The Union Cabinet on Tuesday approved a budget of over Rs 3,900 crore for a National Population Register. 

This has come in the backdrop of massive protests all across the country against the CAA and the NRC. While the protesters see the NPR as the first step towards a country-wide NRC, the government has actively tried to deny it. 

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So, let’s take a look at what the whole issue is. 

1. What is the NPR and how is it different from a regular census?

According to the Indian Express, the NPR is a register of the ‘usual residents of the country’. Now the Home Ministry states that a usual resident is someone who has been living in a particular area for at least a period of six months or intends to stay for the next six months. 

India Today

Now, this is not a drive to get the census as it intends to record even foreign nationals staying in an area for more than 6 months

2. Has the government made it mandatory to register for NPR? 

According to reports, The NPR is being prepared under provisions of the Citizenship Act, 1955 and the Citizenship (Registration of Citizens and issue of National Identity Cards) Rules, 2003.  

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So yes, much like the NRC, you’ll have to register for NPR, no matter where you’re from. Except for Assam.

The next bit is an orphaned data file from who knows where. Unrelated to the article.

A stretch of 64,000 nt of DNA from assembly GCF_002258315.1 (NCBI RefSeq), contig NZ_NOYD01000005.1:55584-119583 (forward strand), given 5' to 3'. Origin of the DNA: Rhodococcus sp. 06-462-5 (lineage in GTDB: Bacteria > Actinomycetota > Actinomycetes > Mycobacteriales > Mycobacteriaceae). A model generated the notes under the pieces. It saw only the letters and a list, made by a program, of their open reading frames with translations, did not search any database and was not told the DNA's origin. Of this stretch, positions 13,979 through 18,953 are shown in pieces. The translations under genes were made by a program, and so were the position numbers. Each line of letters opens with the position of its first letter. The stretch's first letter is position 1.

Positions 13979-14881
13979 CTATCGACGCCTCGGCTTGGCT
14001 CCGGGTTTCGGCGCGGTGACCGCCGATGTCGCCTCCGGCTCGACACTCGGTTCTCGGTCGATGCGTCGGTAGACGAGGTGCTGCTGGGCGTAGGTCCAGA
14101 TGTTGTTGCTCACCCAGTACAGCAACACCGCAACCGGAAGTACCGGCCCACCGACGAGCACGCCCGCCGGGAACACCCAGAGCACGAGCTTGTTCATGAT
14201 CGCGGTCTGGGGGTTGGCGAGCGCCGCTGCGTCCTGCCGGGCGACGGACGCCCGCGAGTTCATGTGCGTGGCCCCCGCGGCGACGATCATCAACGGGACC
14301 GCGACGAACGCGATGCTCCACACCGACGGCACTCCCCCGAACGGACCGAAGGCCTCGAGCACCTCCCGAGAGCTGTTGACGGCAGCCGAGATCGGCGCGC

3. Has there been an NPR before? 

Reports state that the first such project was introduced during the Manmohan Singh era by the then Home Minister P Chidambaram in 2009. However, it did not make any sense as it clashed with the Aadhar scheme. 

Hindustan Times

Chidambaram had then pushed for the NPR considering it to be a better vessel than Aadhar as it connected every recorded resident to a house through Census. 

However with the Modi government choosing Aadhar as the best way to transfer government benefits to people, NPR had taken a backseat. 


4. What kind of data is the government looking to collect for the NPR? And how is it connected to the NRC?

The NPR plans on collecting both demographic as well as biometric data. However, collection of the latter will depend upon Aadhar. 

The last NPR data had been collected in 2015. This was done on the basis of 15 aspects. This time, however, the government has increased it to 21, including the problematic, ‘date & place of birth of parents.’

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Which is where it becomes a stepping stone for the National Register of Citizens (NRC). 


5. But NPR doesn’t necessarily mean that an NRC would follow, does it? 

No, it doesn’t. No such register was compiled after the last NPR in 2010. The Home Ministry has in fact issued a statement saying, ‘There is no proposal at present to conduct a nationwide NRC based on the NPR data.

Home Minister Amit Shah has also said that the two were not connected and that NPR data would not be used for NRC.

However, the Home Minister had repeatedly said in the past that there would be a countrywide NRC, even in Assam, which has already gone through the process once. 

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According to reports, the government has also issued multiple statements in the parliament about linking the NPR and the NRC. Even the Home Ministry’s annual report had the same statement. 


According to The Indian Express, the then Minister of State for Home. Kiren Rijiju had told Rajya Sabha: 

The NPR is the first step towards creation of National Register of Indian Citizens (NRIC) by verifying the citizenship status of every usual residents.

So read more about the subject, how it is connected to the NRC and in turn with the CAA. Know your rights.